So, whilst DELWP are very clearly the authority overseeing seals, they refuse to put systems in place, contract wildlife officers on the scene to ensure regulations are being adhered to and at the same time don’t want volunteers to help either. If they won’t or can’t do their job, why are they not supporting volunteers to do this important work?
Mornington Peninsula Shire Council Managed Beaches
Similarly, if a seal is resting on a beach managed by the Shire, shire rangers have no equipment or signage nor any current protocols as to who manages the protection of the seal.
The shire’s phone system currently redirects calls about resting seals onto local volunteers, who then have no equipment or support. Volunteers have no authority to enforce breaches of seal exclusion zones or uncontrolled dogs harassing seals, unlike DELWP or shire rangers.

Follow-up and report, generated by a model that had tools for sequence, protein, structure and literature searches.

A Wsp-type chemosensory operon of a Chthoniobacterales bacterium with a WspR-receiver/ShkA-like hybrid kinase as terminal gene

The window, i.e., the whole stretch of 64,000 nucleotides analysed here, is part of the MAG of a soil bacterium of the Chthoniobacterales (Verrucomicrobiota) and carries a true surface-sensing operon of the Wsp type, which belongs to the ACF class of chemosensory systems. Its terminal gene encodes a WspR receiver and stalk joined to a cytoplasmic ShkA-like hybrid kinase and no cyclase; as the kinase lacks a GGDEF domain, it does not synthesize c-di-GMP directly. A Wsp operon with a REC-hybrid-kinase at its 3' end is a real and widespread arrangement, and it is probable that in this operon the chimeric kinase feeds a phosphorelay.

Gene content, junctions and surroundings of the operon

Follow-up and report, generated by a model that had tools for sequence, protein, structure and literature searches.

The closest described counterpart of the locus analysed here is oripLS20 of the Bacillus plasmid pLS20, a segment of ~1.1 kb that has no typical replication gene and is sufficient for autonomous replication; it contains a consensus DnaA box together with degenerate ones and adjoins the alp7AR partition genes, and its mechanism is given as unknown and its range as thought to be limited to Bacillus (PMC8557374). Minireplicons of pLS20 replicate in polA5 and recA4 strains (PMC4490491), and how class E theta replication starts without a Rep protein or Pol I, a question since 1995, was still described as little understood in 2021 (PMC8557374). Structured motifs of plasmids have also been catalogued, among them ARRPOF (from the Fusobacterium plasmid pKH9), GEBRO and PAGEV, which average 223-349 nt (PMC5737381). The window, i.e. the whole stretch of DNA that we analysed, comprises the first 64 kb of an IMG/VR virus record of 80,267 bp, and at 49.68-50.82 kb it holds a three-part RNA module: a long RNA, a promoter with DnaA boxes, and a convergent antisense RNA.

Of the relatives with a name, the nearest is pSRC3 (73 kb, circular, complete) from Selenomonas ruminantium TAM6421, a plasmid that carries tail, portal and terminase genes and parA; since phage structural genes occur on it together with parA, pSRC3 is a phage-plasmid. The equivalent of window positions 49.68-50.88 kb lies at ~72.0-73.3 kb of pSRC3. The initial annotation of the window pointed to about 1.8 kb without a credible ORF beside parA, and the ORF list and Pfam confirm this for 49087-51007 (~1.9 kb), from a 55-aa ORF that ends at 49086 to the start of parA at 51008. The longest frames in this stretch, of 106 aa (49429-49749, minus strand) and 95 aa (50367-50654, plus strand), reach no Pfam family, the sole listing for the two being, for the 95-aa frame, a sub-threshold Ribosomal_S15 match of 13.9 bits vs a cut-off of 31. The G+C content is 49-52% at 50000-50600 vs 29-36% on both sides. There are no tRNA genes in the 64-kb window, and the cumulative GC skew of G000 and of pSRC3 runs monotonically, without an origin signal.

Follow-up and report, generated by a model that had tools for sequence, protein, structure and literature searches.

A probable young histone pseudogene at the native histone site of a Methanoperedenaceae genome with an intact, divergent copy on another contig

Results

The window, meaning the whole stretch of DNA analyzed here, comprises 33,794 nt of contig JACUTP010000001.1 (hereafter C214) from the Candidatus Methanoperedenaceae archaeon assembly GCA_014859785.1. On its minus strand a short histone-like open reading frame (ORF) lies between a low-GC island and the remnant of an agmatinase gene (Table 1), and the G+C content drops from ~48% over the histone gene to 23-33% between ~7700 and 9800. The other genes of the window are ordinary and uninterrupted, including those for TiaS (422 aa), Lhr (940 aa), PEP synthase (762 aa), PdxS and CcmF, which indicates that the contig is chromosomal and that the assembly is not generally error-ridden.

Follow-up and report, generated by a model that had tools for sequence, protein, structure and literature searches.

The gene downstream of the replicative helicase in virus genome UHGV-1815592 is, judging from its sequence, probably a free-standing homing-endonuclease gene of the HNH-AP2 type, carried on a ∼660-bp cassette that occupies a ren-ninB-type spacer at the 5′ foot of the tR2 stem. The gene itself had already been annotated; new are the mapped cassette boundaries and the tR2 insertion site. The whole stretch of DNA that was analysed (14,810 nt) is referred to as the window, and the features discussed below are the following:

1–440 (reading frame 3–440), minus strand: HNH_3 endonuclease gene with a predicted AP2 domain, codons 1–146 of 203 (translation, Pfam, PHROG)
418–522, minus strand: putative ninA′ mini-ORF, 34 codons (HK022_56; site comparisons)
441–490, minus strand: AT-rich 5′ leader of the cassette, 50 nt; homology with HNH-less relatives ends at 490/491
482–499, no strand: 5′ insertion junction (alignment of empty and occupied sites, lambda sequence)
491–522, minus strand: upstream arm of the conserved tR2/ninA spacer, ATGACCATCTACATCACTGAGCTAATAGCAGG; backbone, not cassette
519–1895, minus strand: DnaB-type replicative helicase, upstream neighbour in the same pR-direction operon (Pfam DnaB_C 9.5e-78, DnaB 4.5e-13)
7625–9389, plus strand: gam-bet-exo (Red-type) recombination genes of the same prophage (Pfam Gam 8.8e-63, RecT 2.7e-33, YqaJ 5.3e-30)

Wildlife groups are regularly called out to assess and supervise seals; here are accounts of just two recent cases to help illustrate the current issues we are faced with.
On Sunday the 11th of March 2018, a seal came to rest within a dog off-leash area of a Rosebud beach, a beach managed by the Mornington Shire Council. On the day there was a Kite Festival so there were hundreds of people on the beach. A member of the public who was worried about the number of dogs and people approaching the seal had called around some wildlife groups for help.